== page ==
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Tunisia: Families of jailed opposition figures ask ICC to probe president

Family members of jailed lawyers and politicians call on International Criminal Court to investigate claims of political persecution and human rights violations
Tunisian protesters lift placards demanding release of political prisoners during an anti-government demonstration in Tunis, on 25 July 2023 (AFP)

The families of four opposition figures jailed in Tunisia have called on the International Criminal Court (ICC) to investigate claims of political persecution and human rights violations allegedly committed by President Kais Saied's government.

At a press conference in The Hague on Thursday, Rodney Dixon, the families' lawyer, said the complaint was filed as an increasing number of Saied's opponents are being arrested, with several staging hunger strikes in prison. 

"The crimes that need to be investigated are twofold," Dixon said. "Those against people who are singled out because they are opponents of the current government... and secondly, black migrants and black Tunisians targeted by a wave of brutal repression."

Thursday's complaint was filed under Article 15 of the Rome Statute which mandates the ICC's chief prosecutor initiate investigations if a reasonable basis for doing so exists.

Dixon had made a similar case to the African Court on Human and Peoples’ Rights earlier this year and the families have previously called on the European Union, the United Kingdom, and the United States to sanction Saied's government.

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"We had to make this filing today because it is the [Tunisian] government which is perpetrating these acts," he said. "We are therefore asking the prosecutor to investigate those most responsible, which is the primary jurisdiction of the ICC, including the president himself and members of his government."

Arbitrary and politically motivated acts of repression have proliferated since Saied unilaterally suspended parliament and dissolved the government in July 2021.

After the power grab, the plans for which were first revealed by Middle East Eye, Saied decided to rule by decree, a move his opponents decried as a "constitutional coup".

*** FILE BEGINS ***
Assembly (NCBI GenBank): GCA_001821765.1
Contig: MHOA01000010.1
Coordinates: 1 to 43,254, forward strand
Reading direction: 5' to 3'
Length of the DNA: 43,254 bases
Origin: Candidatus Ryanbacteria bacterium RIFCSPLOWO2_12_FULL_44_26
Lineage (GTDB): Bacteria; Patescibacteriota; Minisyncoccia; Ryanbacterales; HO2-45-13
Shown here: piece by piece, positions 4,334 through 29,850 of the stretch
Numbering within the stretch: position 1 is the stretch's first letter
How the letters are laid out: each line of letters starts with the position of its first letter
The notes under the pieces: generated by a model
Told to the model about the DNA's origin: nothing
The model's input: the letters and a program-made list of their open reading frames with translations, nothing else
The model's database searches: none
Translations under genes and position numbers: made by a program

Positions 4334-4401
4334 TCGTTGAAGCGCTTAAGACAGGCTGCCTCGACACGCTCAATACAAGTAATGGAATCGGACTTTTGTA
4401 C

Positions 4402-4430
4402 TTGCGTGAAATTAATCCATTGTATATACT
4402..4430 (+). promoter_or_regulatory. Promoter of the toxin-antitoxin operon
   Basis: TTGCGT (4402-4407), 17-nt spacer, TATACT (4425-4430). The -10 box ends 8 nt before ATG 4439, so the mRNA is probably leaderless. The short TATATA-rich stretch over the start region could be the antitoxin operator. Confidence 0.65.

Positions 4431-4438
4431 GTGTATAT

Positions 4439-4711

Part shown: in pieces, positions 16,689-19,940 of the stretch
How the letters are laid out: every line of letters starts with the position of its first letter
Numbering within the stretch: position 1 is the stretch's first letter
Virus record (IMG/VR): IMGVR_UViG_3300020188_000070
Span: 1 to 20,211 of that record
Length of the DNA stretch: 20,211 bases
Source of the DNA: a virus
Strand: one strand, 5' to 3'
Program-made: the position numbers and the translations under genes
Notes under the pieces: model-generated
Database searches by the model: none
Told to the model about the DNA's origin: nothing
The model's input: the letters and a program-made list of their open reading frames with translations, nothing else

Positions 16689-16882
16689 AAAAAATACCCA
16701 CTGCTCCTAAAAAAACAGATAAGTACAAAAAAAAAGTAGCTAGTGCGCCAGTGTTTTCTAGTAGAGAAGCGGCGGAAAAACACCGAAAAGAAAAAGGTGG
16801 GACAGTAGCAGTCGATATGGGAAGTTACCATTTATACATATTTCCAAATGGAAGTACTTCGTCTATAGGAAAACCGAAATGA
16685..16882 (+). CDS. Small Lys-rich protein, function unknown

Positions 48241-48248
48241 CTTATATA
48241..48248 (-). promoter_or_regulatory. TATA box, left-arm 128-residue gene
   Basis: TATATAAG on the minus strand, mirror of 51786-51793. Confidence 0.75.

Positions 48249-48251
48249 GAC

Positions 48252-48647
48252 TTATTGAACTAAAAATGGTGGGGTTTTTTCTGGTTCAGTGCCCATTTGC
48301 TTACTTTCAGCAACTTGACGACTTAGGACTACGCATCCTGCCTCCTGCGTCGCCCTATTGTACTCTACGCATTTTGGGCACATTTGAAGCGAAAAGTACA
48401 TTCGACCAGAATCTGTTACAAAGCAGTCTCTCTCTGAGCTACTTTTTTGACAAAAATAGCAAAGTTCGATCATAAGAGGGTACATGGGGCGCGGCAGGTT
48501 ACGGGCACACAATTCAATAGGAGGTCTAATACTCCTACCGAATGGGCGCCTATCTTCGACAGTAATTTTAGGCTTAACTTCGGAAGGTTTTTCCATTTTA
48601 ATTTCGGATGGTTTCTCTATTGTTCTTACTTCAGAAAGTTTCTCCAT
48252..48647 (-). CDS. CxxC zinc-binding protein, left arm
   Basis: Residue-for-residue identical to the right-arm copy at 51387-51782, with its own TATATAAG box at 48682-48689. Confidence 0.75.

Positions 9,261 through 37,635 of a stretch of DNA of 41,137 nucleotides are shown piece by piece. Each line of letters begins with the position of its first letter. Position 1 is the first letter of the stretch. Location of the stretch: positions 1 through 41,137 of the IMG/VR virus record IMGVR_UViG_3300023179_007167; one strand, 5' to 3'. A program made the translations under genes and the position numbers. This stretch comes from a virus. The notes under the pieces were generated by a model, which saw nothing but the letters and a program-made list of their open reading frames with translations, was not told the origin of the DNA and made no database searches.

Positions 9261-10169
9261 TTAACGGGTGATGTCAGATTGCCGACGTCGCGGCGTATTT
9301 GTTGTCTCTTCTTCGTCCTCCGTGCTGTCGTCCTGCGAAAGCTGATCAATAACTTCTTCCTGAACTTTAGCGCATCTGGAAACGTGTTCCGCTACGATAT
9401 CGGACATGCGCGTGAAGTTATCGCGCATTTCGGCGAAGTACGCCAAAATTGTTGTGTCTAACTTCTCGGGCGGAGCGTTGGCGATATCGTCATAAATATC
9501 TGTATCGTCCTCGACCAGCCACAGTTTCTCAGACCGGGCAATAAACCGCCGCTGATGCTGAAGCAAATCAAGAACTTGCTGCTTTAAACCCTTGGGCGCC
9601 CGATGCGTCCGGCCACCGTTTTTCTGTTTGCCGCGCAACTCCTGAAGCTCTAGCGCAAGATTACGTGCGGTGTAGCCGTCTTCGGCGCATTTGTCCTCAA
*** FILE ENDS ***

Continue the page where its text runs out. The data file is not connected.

The North African nation held parliamentary elections in December, but rights groups and political opponents labelled the process a sham after just nine percent of eligible voters decided to cast their ballots.

'There is no hope of attaining justice through the Tunisian judicial system'

Yusra Ghannouchi

In recent months, opposition to Saied has grown largely due to unpopular economic reforms, soaring food prices and shortages of basic staples such as sugar, vegetable oil and rice.

As the economy sinks, Saied's government has jailed dozens of critics and drummed up animosity against Black migrants, with Saied making accusations of a conspiracy to change the demographic makeup of Tunisia using African migrants.

The comments have led to widespread persecution of Black Africans within Tunisia, as well as deportations to countries where they risk death.

'No justice in Tunisia'

On Friday, former speaker of parliament Rached Ghannouchi, 84, began a three-day hunger strike to protest his detention and show support for other "political prisoners".

A court sentenced Ghannouchi to one year in prison on "terrorism" charges in May, a charge his party says is politically motivated. 

"There is no justice in Tunisia. There is no respect for the rule of law," his daughter, Yusra Ghannouchi, said at Thursday's press conference.

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"The president has said explicitly on TV that any judge who dares to acquit these defendants will be considered an accomplice.

"So this is the situation we have in Tunisia, where there is no hope of attaining justice through the Tunisian judicial system."

The group's arrival at the court also comes days after former lawmaker Abir Moussi was detained while trying to file a complaint at the Tunisian president’s headquarters.

On Tuesday, her lawyer told Tunisia's official news agency that he did not know why she was being detained for 48 hours.

Dixon acknowledged it would be "difficult" to ensure the court launches the investigation and it was "unlikely that Tunisia was going to want to cooperate with the ICC".

Complaints brought through Article 15 have, however, been investigated by the prosecutor in the past, including against human rights violations in Myanmar.

"We're calling on the ICC prosecutor to at least visit Tunisia in order to send a very clear signal that these serious crimes against humanity over which the court has jurisdiction should not be tolerated," the lawyer said.

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